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Drug Saf. 1999 Feb;20(2):119-31.

A risk-benefit assessment of anti-obesity drugs.

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  • 1Endocrine Unit, Catholic University of Louvain, Brussels, Belgium. kolanowski@endo.ucl.ac.be

Abstract

This review evaluates the benefits and potential health risks of the currently used drugs that are approved for the pharmacological treatment of obesity. Analysis of several long term clinical trials indicates that all of these drugs are efficient in reducing excess bodyweight, and that the majority of them allow the maintenance of the reduced bodyweight for at least 1 year. However, the loss of bodyweight attributable to these drugs is in general rather modest, approaching only 0.2 kg per week during the first 6 months of treatment, and at least a partial regain of bodyweight occurs when these drugs are used for periods longer than 1 year. All of these drugs induce several adverse effects. Although most of these adverse effects are mild and transient, the prolonged use of adrenergic or serotonergic anorectic drugs, or their use as combination treatment, may induce serious and potentially life-threatening complications, such as primary pulmonary hypertension or valvular heart disease. The adrenergic appetite-suppressing drugs are not recommended for the treatment of obesity, since their safety has never been evaluated in long term clinical trials, and because of their stimulatory effects on the cardiovascular and nervous systems. The serotonergic drugs, such as fenfluramine and dexfenfluramine, have been the most widely used during the past decade; however, both these compounds have recently been withdrawn from the market, since their use was associated with serious cardiovascular complications. The safety of the prolonged therapeutic use of newer compounds such as sibutramine and orlistat has not yet been demonstrated. Therefore, none of the currently available anti-obesity medications meets the criteria of an 'ideal anti-obesity drug' and, if prescribed, these medications should be used with caution and only under careful medical supervision. Since obesity is recognised as a chronic health-threatening condition, and since classical behavioural therapeutic approaches lack long term efficacy, there is clearly a need for an efficient pharmacological treatment offering an acceptable safety profile. Such a treatment is not available at present. Development of new agents and a more careful assessment of the safety of currently available drugs are needed.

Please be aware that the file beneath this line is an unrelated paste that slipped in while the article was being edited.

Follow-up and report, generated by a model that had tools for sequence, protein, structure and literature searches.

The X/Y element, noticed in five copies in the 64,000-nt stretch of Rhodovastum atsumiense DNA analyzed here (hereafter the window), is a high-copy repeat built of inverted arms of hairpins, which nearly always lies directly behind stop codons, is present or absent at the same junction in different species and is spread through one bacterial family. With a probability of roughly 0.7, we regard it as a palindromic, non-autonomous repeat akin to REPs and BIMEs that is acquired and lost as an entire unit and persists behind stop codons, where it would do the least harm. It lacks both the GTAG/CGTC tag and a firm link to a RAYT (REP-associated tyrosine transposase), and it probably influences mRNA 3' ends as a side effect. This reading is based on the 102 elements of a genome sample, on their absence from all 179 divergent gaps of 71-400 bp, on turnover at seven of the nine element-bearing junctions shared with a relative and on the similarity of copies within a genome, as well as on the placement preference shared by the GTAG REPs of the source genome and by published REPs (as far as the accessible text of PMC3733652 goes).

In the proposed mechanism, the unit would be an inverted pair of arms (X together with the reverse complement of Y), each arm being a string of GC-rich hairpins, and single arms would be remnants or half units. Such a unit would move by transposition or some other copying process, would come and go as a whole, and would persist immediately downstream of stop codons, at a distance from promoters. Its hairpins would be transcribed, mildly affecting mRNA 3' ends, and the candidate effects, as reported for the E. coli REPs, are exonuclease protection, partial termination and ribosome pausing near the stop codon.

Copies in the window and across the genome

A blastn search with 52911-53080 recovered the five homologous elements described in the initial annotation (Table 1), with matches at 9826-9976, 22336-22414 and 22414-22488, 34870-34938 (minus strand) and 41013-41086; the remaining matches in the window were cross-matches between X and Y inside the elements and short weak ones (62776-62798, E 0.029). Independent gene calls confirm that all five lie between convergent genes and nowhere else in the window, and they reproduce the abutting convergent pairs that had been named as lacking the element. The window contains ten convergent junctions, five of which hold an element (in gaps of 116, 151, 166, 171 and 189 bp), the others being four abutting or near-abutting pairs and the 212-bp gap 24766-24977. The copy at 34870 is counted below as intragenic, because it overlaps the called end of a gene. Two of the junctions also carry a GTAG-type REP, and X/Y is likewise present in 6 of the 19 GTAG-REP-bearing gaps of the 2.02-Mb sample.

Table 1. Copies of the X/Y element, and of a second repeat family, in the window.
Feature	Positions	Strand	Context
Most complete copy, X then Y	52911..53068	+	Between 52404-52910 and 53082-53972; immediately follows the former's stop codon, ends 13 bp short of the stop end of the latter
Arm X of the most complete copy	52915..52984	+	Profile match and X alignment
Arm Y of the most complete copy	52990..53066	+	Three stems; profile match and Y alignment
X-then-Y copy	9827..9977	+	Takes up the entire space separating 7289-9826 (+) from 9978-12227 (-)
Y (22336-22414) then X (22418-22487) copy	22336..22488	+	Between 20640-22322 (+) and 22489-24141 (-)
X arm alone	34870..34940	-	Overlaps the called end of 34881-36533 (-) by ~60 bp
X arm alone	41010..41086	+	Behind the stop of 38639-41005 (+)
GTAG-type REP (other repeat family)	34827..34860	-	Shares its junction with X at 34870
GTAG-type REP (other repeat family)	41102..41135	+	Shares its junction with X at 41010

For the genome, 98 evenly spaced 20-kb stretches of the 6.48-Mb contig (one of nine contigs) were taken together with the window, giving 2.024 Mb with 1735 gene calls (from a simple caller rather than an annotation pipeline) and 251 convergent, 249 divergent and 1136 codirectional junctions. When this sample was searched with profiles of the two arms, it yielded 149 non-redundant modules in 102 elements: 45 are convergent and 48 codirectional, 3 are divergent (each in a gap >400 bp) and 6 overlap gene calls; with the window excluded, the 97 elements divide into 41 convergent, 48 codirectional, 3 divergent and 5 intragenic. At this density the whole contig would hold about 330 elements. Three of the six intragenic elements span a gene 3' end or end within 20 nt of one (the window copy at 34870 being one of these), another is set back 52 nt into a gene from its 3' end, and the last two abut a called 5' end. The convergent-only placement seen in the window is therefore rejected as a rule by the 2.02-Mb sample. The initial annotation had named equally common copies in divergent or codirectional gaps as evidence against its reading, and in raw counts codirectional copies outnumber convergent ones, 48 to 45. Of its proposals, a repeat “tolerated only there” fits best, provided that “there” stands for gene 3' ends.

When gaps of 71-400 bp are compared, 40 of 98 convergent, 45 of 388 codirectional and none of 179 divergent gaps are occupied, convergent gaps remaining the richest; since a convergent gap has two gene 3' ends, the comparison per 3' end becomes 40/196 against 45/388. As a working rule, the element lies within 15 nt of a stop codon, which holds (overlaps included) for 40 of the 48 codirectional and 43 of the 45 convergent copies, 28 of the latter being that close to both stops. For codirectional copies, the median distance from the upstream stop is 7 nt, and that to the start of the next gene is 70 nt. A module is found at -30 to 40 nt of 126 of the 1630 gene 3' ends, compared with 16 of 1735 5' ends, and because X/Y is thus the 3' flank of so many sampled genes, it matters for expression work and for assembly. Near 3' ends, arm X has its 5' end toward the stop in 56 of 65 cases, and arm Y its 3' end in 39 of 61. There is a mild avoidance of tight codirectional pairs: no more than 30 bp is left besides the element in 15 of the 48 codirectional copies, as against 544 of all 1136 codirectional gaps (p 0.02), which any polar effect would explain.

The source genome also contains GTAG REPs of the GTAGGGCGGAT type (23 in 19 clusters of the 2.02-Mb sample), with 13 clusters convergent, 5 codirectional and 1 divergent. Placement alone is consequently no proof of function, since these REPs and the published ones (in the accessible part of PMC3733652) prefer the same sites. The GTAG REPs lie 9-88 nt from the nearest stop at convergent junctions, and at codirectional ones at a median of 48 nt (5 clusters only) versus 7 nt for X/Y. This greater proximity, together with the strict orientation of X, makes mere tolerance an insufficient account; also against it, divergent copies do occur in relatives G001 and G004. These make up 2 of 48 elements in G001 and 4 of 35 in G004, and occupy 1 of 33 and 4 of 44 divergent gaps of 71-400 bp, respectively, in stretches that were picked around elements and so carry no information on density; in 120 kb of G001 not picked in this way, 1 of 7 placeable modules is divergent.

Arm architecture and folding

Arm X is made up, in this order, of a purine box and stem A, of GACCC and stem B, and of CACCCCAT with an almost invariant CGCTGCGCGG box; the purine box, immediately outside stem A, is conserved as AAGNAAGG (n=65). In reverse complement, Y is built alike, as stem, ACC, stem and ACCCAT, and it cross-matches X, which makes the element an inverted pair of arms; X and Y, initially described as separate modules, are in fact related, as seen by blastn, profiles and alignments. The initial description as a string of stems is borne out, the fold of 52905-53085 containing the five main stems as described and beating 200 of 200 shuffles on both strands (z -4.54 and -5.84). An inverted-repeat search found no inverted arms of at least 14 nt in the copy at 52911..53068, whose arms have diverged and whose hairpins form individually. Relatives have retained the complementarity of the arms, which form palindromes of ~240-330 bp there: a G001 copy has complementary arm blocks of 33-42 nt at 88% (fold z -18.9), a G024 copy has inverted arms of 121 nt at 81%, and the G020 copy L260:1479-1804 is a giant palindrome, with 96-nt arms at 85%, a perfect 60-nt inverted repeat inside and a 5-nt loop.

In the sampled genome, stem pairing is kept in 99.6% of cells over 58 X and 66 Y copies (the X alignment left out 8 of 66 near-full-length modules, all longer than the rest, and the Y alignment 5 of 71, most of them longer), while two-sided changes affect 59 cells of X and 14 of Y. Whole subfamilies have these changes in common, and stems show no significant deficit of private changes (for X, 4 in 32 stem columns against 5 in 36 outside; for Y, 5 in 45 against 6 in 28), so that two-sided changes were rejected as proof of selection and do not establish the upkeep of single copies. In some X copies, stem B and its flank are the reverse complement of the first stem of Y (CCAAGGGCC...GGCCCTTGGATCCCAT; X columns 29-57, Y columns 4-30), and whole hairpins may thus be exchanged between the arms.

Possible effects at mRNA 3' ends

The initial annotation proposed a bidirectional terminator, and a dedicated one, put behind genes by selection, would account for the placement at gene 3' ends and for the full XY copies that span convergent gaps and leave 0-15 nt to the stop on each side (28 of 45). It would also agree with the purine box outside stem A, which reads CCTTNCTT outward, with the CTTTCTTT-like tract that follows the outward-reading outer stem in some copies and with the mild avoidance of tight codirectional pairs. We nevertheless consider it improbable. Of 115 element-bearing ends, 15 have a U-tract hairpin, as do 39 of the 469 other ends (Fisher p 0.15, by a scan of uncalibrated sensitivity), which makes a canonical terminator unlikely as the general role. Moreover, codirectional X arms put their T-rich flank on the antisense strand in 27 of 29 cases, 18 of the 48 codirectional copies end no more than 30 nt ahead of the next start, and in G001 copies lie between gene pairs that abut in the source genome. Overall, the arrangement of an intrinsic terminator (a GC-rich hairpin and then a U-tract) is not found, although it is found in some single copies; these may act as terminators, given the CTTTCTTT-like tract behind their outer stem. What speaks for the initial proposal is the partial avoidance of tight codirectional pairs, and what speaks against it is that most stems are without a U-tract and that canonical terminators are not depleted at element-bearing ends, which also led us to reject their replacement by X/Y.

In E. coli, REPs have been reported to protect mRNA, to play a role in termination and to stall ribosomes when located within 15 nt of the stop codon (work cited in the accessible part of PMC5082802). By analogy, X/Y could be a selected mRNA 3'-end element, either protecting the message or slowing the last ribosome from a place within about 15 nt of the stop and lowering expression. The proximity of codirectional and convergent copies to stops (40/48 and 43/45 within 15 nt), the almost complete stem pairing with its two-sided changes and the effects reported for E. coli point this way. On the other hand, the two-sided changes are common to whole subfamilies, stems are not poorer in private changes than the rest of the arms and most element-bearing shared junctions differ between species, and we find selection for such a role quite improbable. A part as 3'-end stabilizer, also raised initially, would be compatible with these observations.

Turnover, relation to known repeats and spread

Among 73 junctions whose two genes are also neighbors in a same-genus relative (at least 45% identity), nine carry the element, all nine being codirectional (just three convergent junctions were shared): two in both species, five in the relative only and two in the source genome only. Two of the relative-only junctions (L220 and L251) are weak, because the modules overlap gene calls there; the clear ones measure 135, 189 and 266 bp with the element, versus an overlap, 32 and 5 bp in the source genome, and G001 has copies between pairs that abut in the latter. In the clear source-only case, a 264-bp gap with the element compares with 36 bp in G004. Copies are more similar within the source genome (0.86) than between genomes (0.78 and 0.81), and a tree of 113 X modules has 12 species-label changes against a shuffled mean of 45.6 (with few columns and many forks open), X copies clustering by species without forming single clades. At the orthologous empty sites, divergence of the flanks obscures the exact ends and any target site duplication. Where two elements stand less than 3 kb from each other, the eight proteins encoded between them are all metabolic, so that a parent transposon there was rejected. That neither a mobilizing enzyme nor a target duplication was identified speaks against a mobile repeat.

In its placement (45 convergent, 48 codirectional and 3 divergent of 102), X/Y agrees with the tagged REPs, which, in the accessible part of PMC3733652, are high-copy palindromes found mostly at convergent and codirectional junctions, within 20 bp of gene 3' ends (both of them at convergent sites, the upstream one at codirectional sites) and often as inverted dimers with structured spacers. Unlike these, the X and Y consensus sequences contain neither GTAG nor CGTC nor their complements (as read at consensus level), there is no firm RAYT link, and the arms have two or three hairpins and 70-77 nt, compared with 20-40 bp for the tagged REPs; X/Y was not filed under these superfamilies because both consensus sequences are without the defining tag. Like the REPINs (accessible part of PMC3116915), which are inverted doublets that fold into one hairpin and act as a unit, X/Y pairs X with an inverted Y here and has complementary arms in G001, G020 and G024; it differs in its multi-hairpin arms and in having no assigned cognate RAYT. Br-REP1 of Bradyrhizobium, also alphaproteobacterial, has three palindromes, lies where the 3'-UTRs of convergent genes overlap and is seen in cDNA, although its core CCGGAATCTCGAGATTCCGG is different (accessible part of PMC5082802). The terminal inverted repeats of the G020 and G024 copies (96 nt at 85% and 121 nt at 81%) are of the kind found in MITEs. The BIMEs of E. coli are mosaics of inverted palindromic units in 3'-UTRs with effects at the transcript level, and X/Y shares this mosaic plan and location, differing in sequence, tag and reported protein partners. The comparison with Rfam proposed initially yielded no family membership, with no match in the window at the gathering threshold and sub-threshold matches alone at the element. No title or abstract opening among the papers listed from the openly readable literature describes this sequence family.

PMID:
10082070
[PubMed - indexed for MEDLINE]
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